Yellow Desert Sunflowers and Desert Sand Verbena colorize an area north of Anza-Borrego Desert State Park.
Yellow Desert Sunflowers and Desert Sand Verbena colorize an area north of Anza-Borrego Desert State Park. Photo by Chris Stone

There is truly nothing like experiencing a desert oasis. My favorite such place in California is the Amargosa River, which flows intermittently for 185 miles from Nevada into eastern California. 

On my last visit to the Amargosa in the Mojave Desert, I sat on the riverbank in awe of its healthy, thriving wetlands in the middle of this arid landscape. Once you spend time in one of California’s three deserts, you realize how diverse they are. From rugged watercourses to rolling dunes and towering peaks — our deserts contain some of our state’s most unique natural treasures.

I’m grateful to Assemblymember James Ramos, a Democrat from Rancho Cucamonga, who represents portions of Southern California’s Inland Empire, for championing the new Desert Conservation Program within the state’s Wildlife Conservation Board. Signed into law in September, this is a first-ever program aimed at providing state funding opportunities to help protect California’s deserts.

While the creation of the program is a critical first step, it now requires funding. Our state leaders should ensure full funding for this program so that we can provide much-needed investments in the communities, wildlife and landscapes of the California Desert region.

The state should fully fund the California Desert Conservation Program because it will help fulfill Gov. Gavin Newsom’s October 2020 executive order, which calls on the state to safeguard 30% of our lands and waters by 2030. This 30×30 effort is driven by scientific research suggesting that protecting public lands and other natural areas is one of the most effective strategies to mitigate climate change and biodiversity loss. 30×30 also urges agencies to conserve lands to increase access to the outdoors for underserved communities.

Despite its geographic size and importance, the California Desert region has not received dedicated state funding in the past. This is a huge missed opportunity given the region spans one-quarter of the state and is critical to our efforts to fight climate change. 

In fact, California desert lands store nearly 10% of the state’s total carbon emissions. Undisturbed vegetation throughout the desert sequesters large amounts of carbon and stores it in roots and soils, which helps reduce carbon in our atmosphere. By fully funding the California Desert Conservation Program, the state can preserve the desert’s incredible abilities to fight climate change and ensure the region can thrive into the future.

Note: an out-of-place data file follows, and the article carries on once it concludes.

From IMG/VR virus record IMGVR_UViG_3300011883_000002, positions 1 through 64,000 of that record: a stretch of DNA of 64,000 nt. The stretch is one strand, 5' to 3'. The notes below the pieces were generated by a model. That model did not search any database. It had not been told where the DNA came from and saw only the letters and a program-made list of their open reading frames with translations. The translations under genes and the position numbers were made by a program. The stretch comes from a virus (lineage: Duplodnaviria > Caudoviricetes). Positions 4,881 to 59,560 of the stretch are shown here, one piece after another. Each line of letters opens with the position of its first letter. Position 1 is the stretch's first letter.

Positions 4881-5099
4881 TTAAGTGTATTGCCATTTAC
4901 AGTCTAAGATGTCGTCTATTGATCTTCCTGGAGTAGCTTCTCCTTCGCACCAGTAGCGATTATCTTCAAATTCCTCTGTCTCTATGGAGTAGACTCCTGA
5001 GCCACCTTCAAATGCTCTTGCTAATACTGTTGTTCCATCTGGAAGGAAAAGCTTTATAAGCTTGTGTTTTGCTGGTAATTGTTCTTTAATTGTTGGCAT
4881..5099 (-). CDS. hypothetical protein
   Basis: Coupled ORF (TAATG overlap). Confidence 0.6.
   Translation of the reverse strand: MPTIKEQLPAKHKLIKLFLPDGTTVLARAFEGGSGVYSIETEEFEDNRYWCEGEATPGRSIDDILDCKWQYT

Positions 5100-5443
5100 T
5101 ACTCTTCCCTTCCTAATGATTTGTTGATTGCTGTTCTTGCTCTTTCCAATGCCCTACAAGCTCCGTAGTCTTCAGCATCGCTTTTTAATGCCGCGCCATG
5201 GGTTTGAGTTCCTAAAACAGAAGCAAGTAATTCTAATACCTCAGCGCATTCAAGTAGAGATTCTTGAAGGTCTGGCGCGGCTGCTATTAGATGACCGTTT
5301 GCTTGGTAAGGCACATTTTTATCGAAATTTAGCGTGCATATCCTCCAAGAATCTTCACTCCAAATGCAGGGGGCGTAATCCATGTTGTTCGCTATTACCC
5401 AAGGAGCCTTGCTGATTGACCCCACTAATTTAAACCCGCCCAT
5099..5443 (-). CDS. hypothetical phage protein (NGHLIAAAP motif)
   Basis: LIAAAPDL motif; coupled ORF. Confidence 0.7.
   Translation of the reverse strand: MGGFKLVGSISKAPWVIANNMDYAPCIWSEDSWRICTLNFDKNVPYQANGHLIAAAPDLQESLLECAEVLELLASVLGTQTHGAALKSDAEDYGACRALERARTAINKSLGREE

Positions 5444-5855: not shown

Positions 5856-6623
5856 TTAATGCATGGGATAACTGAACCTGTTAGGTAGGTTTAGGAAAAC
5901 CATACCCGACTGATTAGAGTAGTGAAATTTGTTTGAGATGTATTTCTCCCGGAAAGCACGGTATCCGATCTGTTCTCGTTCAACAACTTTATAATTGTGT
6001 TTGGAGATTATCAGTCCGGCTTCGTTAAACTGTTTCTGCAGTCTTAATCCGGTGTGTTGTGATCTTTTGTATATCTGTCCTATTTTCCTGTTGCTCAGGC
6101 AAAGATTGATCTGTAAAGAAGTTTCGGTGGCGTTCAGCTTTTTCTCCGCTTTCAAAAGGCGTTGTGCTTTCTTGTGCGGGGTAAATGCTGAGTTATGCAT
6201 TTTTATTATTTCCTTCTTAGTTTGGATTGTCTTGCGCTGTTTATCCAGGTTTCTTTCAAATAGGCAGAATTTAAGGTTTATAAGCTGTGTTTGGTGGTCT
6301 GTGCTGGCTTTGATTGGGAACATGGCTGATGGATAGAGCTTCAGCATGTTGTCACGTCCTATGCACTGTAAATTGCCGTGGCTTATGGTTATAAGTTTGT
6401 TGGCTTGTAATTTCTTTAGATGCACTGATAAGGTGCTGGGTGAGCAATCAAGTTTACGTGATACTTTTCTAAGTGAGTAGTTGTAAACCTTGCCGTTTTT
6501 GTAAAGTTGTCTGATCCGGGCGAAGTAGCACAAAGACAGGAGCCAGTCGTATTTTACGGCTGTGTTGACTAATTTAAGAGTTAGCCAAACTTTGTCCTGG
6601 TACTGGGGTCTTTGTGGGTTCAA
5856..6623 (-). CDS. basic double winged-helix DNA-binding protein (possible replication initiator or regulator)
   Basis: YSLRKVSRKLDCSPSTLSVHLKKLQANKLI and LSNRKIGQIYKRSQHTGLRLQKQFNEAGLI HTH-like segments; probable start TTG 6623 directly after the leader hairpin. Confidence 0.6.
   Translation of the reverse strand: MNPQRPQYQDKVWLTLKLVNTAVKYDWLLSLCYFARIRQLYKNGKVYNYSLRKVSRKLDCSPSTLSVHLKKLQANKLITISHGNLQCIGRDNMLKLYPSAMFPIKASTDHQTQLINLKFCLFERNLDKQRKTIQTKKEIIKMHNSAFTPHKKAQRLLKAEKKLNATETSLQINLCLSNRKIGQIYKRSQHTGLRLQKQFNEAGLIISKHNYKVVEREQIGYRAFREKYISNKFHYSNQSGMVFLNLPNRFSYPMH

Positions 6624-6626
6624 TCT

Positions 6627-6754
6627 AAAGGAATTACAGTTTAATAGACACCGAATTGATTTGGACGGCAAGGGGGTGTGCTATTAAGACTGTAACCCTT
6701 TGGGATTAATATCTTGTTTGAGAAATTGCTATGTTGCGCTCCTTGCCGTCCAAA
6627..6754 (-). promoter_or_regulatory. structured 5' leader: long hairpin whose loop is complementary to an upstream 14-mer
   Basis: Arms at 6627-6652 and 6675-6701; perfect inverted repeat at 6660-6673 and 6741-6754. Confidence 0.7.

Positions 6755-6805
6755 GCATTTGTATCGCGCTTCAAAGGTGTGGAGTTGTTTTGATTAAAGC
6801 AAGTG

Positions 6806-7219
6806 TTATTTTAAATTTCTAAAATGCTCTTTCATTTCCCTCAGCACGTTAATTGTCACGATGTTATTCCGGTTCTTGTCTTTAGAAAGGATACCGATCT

Investing in the California Desert Conservation Program will also help reach 30×30 because more resources would improve access to nature. The California Desert region’s stunning parks and public lands draw visitors from around the world. One-half of the state’s population lives within an hour’s drive of the California Desert region, but too many communities don’t have the resources to travel to and experience the wonders of this area. 

Furthermore, communities of color may not feel welcome or safe exploring the desert because staff and other visitors have historically been overwhelmingly white. Our leaders should dedicate additional funding for trail creation, bilingual signage and educational and outreach programs to help bring more diverse users to the desert.

Finally, funding the California Desert Conservation Program will help achieve 30×30’s conservation goals by protecting the largest still-intact ecosystem in the lower 48 states. The California Desert region is incredibly biodiverse. In the Mojave Desert, there are approximately 210 species of plants that are found nowhere else on Earth. There are many iconic plants and animals that would benefit from increased conservation investments, including Joshua trees, threatened desert tortoises and Mohave ground squirrels, desert bighorn sheep and golden eagles. 

Thank you, Assemblymember Ramos, for leading the way to create the California Desert Conservation Program. I urge state leaders to meaningfully invest in this program to help achieve our 30×30 goals. Setting this ambitious and smart framework demonstrates that our state continues to be a leader in fighting climate change and ensuring access to nature for all. Fully funding the California Desert Conservation Program can help us get there.

Pamela Flick is the California program director with Defenders of Wildlife and is based in Sacramento. She wrote this for CalMatters, a public interest journalism venture committed to explaining how California’s Capitol works and why it matters.